As a founder member of Mystery Women in 1997, promoting Crime Fiction has always been my passion.
Following the closure of Mystery Women, a new group was formed on 30th January 2012 promoting crime fiction.
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Published by Sphere, 8 March 2018. ISBN: 978-0-7515-6930-8 (PB)
Twenty years ago, Cormac Reilly, then a new recruit to
the Garda (the Irish police), had been called out to a remote house in County Galway
for what he had been given to understand was a minor domestic dispute. When he
eventually finds the house, there are two young children there, a teenage girl,
Maude, and a much younger boy, Jack, who has an injury. Upstairs is their
mother. She is dead. Unsure of what to do and unable to contact his colleagues because
the car radio doesn’t work, he decides to take them both to the nearest
hospital where Jack’s injury can be tended, and the care of both children
undertaken by social workers. But at the hospital Maude disappears and, since
it appears that her mother’s death from a heroin overdose may not have been
accidental, she has become a prime suspect to which her disappearance adds.
Cormac then moves to Dublin and becomes a leading member of the Dublin-based
Special Detective Unit anti-terrorist unit. But the job is gruelling and when
Cormac’s scientist wife Emma is offered a great new job in Galway, Cormac,
deciding that he too could do with a change, returns to the Galway Garda. But
he finds that his new colleagues are far from welcoming, apart from his old
friend Danny McIntyre who has stayed with the Galway Garda and made little
progress until recently when he is transferred to the Galway drugs squad. Cormac,
however, spends all his time looking into a variety of cold cases. An
apparently parallel story is that of Aisling Blake, a doctor at Galway
University Hospital. She is ambitious and wants to train as a surgeon, but her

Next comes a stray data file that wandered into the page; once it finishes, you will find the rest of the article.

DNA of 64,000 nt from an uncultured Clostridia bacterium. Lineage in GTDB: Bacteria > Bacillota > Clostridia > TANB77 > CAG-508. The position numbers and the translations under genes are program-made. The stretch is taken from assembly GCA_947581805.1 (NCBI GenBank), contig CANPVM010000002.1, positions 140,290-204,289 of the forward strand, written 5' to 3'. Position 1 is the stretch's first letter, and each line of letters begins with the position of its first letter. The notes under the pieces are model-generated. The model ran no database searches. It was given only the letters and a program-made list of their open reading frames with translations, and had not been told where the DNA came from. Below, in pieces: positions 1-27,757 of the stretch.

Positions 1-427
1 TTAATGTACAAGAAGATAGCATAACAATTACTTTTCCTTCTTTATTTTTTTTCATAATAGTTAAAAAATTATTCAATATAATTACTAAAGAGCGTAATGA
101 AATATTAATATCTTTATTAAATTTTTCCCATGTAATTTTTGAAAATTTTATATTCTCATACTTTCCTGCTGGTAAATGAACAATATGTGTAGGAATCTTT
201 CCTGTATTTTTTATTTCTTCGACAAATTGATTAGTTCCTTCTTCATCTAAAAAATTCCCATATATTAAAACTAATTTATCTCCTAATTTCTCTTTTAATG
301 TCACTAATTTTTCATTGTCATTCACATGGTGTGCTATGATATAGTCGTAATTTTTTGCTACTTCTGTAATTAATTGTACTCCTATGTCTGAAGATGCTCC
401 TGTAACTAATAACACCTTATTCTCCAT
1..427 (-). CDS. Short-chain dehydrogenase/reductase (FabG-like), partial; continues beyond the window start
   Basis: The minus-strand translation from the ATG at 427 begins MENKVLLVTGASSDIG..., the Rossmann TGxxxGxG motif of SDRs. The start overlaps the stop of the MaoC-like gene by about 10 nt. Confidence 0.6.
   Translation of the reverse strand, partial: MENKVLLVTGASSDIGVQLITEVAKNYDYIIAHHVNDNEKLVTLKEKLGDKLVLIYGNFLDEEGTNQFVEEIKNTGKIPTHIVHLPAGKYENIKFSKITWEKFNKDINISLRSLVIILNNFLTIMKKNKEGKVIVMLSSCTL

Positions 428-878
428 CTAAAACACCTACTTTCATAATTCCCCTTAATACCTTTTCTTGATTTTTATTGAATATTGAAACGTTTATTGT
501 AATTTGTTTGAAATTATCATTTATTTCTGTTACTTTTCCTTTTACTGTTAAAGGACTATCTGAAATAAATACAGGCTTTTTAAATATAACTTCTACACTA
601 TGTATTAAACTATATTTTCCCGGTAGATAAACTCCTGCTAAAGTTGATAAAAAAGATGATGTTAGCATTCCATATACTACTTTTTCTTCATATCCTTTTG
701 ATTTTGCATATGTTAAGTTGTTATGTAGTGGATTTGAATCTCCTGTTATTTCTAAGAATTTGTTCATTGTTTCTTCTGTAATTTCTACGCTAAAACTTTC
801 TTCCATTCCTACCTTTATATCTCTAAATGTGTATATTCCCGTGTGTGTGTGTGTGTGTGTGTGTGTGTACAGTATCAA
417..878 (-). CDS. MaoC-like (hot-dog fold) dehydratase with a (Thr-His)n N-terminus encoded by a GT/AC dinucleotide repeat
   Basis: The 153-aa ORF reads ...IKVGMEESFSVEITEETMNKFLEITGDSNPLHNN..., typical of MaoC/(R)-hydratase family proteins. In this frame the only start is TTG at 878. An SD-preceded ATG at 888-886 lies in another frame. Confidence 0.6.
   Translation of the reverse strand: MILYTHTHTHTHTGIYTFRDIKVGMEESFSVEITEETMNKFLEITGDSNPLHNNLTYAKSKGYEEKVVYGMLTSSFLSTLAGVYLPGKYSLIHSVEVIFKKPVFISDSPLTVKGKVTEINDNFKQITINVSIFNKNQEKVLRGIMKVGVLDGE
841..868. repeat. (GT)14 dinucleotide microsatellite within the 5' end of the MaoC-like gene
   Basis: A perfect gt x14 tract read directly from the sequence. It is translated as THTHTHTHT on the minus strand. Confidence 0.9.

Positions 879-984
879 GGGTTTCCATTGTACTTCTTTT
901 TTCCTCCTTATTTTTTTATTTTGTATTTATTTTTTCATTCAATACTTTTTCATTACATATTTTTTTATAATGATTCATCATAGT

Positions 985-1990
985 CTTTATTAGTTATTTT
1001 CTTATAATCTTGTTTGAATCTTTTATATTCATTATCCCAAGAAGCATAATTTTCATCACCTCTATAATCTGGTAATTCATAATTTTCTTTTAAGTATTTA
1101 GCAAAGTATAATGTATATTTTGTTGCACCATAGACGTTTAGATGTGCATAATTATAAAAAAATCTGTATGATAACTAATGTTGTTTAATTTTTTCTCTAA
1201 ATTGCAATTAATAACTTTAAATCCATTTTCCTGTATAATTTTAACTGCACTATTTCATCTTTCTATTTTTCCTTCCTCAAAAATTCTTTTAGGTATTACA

ambitions are threatened when she discovers she is pregnant. She and her
husband Jack are undecided about what to do; the important thing is their love
for each other. And then Jack dies; he apparently threw himself off a bridge.
Aisling is devastated but she does what is expected of her: goes to the
funeral, receives the condolences of those who knew him, then decides to go
back to work. What she is not expecting is a visit from a woman who insists
that she is Jack’s sister and her name is Maude. Her arrival in Galway pulls in
Cormac who links it to past cases of child abuse and that in turn leads to a
vast web of allegations involving the past and the present.
is an excellent story which will hold the reader right to the very end. Highly
Reviewer: Radmila May
was born in County Cork, Ireland, to a family of seven. She studied corporate
law at the National University of Ireland, Galway and the Law Society of
Ireland, and practiced as a lawyer for twelve years. Following the global
financial crisis, she moved with her family to Western Australia, where she now
lives with her husband and two children.Her debut novel The Rúin sold
in a six-way auction in Australia and New Zealand, and has since sold to the
United States, the UK and Ireland, and Germany.
born in the U.S. but has lived in the U.K. since she was seven apart from seven
years in The Hague. She read law at university but did not go into practice.
Instead she worked for many years for a firm of law publishers and still does occasional
work for them including taking part in a substantial revision and updating of
her late husband’s legal practitioners’ work on Criminal Evidence published
late 2015. She has also contributed short stories with a distinctly criminal
flavour to two of the Oxford Stories anthologies published by Oxpens Press – a
third story is to be published shortly in another Oxford Stories anthology –
and is now concentrating on her own writing.